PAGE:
Most people primarily use social media to stay in touch with friends and family. Of course, many businesses use social media to raise brand awareness, drive traffic to their websites, and even generate sales. Perhaps you find it annoying when friends use their personal accounts to promote their businesses. By running separate accounts for your business, you are respecting your friends who are only interested in what’s going on with you. On the other hand, using your business account for personal use could make your company appear unprofessional.
Avoid Misrepresenting Your Company
There are many good reasons for a business to establish a positive social media presence, such as reputation management, growing a base of devoted customers, and gathering feedback. However, it is critical that you represent your company openly and honestly online to build trust with your audience. Even seemingly minor embellishments to make your company appear better can cast significant doubt on the overall integrity of your business.
It makes sense that you may get annoyed if someone disrespects your business or leaves a negative review on your social media channels. But keep in mind that you are speaking for your organization before you react and respond. An explosive or negative response could give prospective clients an unfavourable impression of your business. Before responding, take some time to collect your thoughts. Remember to be as gracious and kind as you can when handling critical feedback. Making that extra effort helps to build and maintain trust with current and prospective customers.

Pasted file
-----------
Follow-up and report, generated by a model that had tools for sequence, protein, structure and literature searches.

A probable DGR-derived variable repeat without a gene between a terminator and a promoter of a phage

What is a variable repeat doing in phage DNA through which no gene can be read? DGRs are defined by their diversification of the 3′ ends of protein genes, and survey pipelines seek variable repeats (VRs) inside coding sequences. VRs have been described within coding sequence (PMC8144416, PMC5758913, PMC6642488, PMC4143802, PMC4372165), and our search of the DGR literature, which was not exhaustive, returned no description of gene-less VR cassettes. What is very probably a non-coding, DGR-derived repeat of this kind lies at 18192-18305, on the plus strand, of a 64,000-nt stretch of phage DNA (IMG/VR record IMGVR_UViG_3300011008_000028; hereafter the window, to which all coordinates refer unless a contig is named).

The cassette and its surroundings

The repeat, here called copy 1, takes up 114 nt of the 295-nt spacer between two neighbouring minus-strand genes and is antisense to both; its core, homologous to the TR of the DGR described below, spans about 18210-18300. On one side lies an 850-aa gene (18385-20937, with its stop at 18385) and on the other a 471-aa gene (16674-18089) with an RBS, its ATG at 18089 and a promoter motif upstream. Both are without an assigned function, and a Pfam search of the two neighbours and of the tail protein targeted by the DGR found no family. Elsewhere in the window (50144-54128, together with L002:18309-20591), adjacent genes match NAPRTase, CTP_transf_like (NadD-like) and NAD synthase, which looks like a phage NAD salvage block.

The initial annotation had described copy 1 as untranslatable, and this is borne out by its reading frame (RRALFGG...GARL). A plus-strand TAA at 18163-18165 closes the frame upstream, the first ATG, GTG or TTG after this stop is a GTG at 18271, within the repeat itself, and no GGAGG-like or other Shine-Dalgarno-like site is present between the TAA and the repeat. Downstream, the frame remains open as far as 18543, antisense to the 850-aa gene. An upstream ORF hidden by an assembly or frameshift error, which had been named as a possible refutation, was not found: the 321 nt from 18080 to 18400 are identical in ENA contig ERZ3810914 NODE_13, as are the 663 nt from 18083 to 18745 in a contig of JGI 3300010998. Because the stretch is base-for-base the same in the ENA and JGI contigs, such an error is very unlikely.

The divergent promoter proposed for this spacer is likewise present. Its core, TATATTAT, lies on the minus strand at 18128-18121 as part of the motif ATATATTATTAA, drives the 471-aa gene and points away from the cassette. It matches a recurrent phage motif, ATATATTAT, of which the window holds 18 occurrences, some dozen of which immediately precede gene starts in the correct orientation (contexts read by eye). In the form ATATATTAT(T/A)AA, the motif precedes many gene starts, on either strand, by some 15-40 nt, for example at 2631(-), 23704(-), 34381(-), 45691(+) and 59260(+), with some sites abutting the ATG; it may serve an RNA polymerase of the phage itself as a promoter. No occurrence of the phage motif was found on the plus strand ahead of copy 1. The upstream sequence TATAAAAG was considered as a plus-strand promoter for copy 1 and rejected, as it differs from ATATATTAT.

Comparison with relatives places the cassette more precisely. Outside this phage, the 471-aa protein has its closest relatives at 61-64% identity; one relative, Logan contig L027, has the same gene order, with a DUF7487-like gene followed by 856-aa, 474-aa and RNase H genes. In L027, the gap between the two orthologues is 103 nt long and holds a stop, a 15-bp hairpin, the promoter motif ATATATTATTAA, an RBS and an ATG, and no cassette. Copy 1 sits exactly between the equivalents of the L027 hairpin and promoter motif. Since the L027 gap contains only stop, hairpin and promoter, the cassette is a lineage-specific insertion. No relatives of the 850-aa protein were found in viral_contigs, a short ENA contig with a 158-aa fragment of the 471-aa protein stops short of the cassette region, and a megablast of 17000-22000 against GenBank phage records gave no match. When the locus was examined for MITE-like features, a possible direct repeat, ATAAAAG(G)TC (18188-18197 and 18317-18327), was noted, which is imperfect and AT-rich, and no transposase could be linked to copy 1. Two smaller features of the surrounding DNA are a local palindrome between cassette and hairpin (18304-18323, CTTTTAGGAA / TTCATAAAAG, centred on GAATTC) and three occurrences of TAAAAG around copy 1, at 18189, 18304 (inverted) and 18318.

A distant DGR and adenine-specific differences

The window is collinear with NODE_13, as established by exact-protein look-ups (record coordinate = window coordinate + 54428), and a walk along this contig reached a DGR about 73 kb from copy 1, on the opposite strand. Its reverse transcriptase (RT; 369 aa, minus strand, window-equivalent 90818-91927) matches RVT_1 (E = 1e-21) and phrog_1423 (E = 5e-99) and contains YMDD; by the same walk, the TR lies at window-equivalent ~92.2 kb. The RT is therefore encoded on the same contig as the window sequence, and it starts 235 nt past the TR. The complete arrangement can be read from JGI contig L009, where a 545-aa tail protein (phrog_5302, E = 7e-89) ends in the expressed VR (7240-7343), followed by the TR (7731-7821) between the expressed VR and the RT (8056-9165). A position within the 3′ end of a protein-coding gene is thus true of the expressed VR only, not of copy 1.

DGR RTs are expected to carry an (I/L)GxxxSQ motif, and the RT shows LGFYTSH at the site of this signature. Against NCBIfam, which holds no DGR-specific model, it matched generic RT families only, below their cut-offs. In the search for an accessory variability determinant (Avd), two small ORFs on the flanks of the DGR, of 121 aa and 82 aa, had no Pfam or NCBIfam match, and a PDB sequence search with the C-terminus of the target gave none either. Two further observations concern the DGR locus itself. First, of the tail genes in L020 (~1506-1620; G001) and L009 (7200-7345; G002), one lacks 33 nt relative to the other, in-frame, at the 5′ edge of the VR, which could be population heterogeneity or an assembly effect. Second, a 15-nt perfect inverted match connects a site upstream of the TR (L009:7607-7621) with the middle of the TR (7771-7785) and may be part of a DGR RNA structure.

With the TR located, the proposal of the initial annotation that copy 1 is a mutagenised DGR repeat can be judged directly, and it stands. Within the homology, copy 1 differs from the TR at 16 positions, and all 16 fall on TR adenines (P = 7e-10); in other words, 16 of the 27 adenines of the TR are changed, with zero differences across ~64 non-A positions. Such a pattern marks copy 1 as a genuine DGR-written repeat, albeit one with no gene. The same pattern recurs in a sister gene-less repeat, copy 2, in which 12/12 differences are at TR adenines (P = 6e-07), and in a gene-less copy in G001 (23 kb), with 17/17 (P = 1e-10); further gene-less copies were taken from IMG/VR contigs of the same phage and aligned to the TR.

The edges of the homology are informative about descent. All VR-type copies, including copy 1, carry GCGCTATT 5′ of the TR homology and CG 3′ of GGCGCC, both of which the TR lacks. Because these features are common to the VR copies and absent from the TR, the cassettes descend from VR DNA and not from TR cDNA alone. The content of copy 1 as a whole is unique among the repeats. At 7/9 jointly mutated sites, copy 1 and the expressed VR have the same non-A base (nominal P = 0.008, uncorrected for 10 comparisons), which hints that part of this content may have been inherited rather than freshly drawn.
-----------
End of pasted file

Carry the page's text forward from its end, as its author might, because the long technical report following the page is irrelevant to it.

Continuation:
Refrain From Sharing Too Many Posts
Regardless of your social media goals, delivering value to your audience should be top of the list. Some businesses make the error of thinking what is valuable to them is also valuable to their audience. As a result, they exclusively use their social media platforms for advertising and sales. Being informative versus annoying is key.
It matters how frequently you publish on social media, and your profiles may be affected in various ways depending on how often you share posts.